Quick, name one staple of authentic Australian cuisine!
I’m sure that for most people, it might be things like Vegemite, barbeque steak or prawns, pavlova, or, heck, even meat pies. For me, however, I’ll name something that, if you are not a Down Underling, you won’t recognize. But if you ARE a fair dinkum Aussie, hearing its name will produce an unconscious smile and a wistful expression… In case you couldn’t tell from the title of this article, I’m talking of course about Fairy Bread.
The name of which, of course, makes me laugh. The food is really so simple, the recipe as simple as you can get — sliced white bread with butter covered in rainbow sprinkles (a.k.a. “hundreds and thousands.”) That this ultra-simple dessert could be universally recognized and beloved throughout an entire continent is funny to me. So why do Aussies everywhere respond to the words “fairy bread” with smiles and a chuckle? Because fairy bread is pretty much a feature on any kid’s table for his or her birthday party. And why not? Starch, fat, and sugar– your basic food groups for young kids! It’s caught up in the same Edenic memories of running in the yard with friends, batting at balloons, and opening brightly-wrapped presents.
But as always, I want to mix and play with recipes to see how basic recipes mix and match with new things and new ideas. Is there a Fairy Bread for grown ups? I apologize in advance for the Fairy Bread purists out there. I know, I know– nothing can beat that bland starchy goodness of plain white bread smothered in greasy blobs of margarine and dotted with crunchy sugar. But the world is a bit more complex nowadays, with a lot of new experiences that take our initial understanding and build onto it for new and exciting, richer and more complex thoughts. Isn’t that what growing up is all about?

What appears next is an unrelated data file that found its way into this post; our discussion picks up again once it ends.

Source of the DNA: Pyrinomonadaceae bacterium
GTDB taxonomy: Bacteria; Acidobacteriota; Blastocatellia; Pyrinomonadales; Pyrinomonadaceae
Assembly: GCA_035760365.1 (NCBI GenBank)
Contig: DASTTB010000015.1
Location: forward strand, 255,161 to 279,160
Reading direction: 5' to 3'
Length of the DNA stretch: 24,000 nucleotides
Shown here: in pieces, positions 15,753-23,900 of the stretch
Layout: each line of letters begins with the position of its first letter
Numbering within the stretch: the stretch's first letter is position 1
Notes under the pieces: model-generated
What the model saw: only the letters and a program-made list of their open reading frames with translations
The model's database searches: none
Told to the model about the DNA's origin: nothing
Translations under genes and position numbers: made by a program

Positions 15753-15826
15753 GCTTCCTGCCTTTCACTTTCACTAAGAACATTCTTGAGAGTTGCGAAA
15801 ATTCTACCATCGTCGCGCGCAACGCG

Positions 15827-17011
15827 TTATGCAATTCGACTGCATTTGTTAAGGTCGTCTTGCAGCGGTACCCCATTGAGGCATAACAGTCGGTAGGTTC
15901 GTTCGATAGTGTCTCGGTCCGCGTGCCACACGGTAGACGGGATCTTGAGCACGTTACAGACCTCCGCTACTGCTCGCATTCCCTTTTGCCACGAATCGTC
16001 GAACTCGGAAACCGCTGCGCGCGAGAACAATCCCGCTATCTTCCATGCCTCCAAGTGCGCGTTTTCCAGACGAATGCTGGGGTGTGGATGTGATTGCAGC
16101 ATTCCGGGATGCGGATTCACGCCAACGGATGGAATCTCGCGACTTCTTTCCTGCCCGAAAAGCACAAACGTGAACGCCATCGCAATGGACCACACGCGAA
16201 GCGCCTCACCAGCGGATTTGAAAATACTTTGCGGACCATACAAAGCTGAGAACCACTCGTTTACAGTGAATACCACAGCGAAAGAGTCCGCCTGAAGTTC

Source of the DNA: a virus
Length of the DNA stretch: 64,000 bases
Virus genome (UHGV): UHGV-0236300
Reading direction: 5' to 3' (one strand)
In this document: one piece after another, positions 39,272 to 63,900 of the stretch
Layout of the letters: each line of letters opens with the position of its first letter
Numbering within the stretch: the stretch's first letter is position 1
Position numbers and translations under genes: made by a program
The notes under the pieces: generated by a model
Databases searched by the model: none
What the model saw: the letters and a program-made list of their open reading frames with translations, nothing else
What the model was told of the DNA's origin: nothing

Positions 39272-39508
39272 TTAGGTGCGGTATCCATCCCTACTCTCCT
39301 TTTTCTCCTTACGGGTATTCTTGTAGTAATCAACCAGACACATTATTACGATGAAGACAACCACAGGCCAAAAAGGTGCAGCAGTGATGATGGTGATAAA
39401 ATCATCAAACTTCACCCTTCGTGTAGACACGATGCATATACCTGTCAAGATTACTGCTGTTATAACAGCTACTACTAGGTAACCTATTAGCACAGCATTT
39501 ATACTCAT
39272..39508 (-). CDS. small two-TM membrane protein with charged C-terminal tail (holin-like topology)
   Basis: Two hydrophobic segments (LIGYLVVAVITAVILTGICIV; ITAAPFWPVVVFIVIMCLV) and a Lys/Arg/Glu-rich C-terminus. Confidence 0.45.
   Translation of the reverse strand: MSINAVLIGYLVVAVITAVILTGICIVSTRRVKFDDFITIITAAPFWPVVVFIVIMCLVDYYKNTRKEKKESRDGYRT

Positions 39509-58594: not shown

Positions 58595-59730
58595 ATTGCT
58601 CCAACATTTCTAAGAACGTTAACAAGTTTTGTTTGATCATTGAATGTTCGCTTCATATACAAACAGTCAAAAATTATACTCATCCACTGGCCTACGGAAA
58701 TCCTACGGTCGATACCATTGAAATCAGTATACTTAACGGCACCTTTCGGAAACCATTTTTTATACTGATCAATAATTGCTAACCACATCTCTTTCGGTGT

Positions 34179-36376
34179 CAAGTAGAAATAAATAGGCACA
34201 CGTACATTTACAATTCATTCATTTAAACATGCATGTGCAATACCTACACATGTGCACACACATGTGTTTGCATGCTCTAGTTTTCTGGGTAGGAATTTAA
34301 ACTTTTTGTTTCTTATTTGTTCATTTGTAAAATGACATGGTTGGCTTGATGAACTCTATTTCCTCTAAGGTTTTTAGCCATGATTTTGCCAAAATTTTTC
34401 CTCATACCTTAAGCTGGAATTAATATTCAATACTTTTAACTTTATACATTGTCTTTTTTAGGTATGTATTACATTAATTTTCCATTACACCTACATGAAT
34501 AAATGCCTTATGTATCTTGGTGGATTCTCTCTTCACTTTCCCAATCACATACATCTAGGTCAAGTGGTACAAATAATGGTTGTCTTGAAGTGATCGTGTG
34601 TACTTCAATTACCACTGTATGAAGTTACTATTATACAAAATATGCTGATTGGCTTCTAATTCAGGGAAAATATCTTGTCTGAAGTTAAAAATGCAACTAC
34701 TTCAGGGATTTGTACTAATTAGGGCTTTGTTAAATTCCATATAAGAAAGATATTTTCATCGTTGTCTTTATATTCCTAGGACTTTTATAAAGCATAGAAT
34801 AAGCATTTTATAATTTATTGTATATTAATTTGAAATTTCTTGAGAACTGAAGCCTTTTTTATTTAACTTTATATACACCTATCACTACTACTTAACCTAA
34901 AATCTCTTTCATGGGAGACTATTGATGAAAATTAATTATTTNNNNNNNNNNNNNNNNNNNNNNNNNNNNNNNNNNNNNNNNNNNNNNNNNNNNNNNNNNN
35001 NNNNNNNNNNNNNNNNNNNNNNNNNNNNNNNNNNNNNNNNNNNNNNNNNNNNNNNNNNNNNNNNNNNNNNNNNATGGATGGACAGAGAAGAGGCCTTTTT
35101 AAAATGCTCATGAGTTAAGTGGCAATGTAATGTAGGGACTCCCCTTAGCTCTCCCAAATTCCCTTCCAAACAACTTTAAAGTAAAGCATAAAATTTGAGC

Here’s my attempt at Fairy Bread For Grown-Ups. You may not have a birthday party with donkey tails being pinned, but you may have an afternoon tea or coffee soon with a new chapter of that novel you’ve been reading, and this side will go great with that.
Fairy Bread for Grown-Ups
Cracked-wheat bread (or other complex, nutty bread)
… 3/4 cup butter, unsalted and softened
… 1/4 cup honey
… 1 1/2 teaspoon rose syrup
Rainbow sprinkles (“Hundreds and Thousands”)
Step One: Honey Butter
1) Soften the butter to room temperature. Whip the butter until it’s creamy with a hand mixer.
2) Mix in honey and rose syrup.
Step Two: Toast
Slice the bread into thick slices. Toast until brown, but allow to cool a bit or you’ll lose the nice pillows of yellow when buttering them. Scones are good, too!
Step Three: Top it off!
Butter the toast, then crack the sea salt over them. Sprinkle with nutmeg and, of course, the hundreds-and-thousands (just a pinch! These are more for show because the sweetness of the honey butter.)
My thoughts have turned to Australia, since this past week I had the opportunity to return to Sydney for my Spring Break. It was actually my third time there and each time I think I find some new way to love the city. Must be something about my love of metropolises (metropoli?). As with my trip to London last summer, I tried to explore some of the farmer-ish markets about town, but my timing was a bit off as they are likely more on the weekends and that turned out to be a bit inconvenient. You gotta hand it to the Rocks, though. There, I did find some nice specialized tea and some natural honey.
With honey in hand and memories of fairy bread in my head, I wondered if the honey held the clue to making my grown-up recipe. Obviously, some bakery-fresh bread was called for, but there was something else that I wanted to help make it a bit more ethereal, a bit more fairy-like, more nature-y. That’s when the rose water came to mind, and I picked up a bottle of Monin’s brand syrup.
I really loved the end result. And why not– it’s still starch, fat, and sugar, right? Obviously, you will have a lot of left over honey butter with this one, so adjust accordingly if you wish. Also, I love the crunch of the sea salt when it’s sprinkled on top, the way it mixes with the sugar and blends in your mouth, but you might like to use salted butter or to add the salt when creaming the ingredients together, instead.
I hope you get a chance to try the grown-up version, but if you’re in a pinch, why not try the basic version? In my imaginings, I’m picturing some stressed-out mom nearly collapsing on the kitchen counter while the children at the party are yelling and banging pans in the next room. With an exasperated sigh, she just grabs the bread and butter that’s always on hand, and some rainbow sprinkles that have been in the cupboard since last Easter– the last-ditch effort to appease the li’l beasts. Surprisingly, it works, and all the other moms are so impressed with the simplicity and ingenuity that it becomes part of the Australian cookbook lexicon.
Trust me, if you have an Australian in your midst, bring some fairy bread to your next potluck and you will bring the kinship to a whole new level.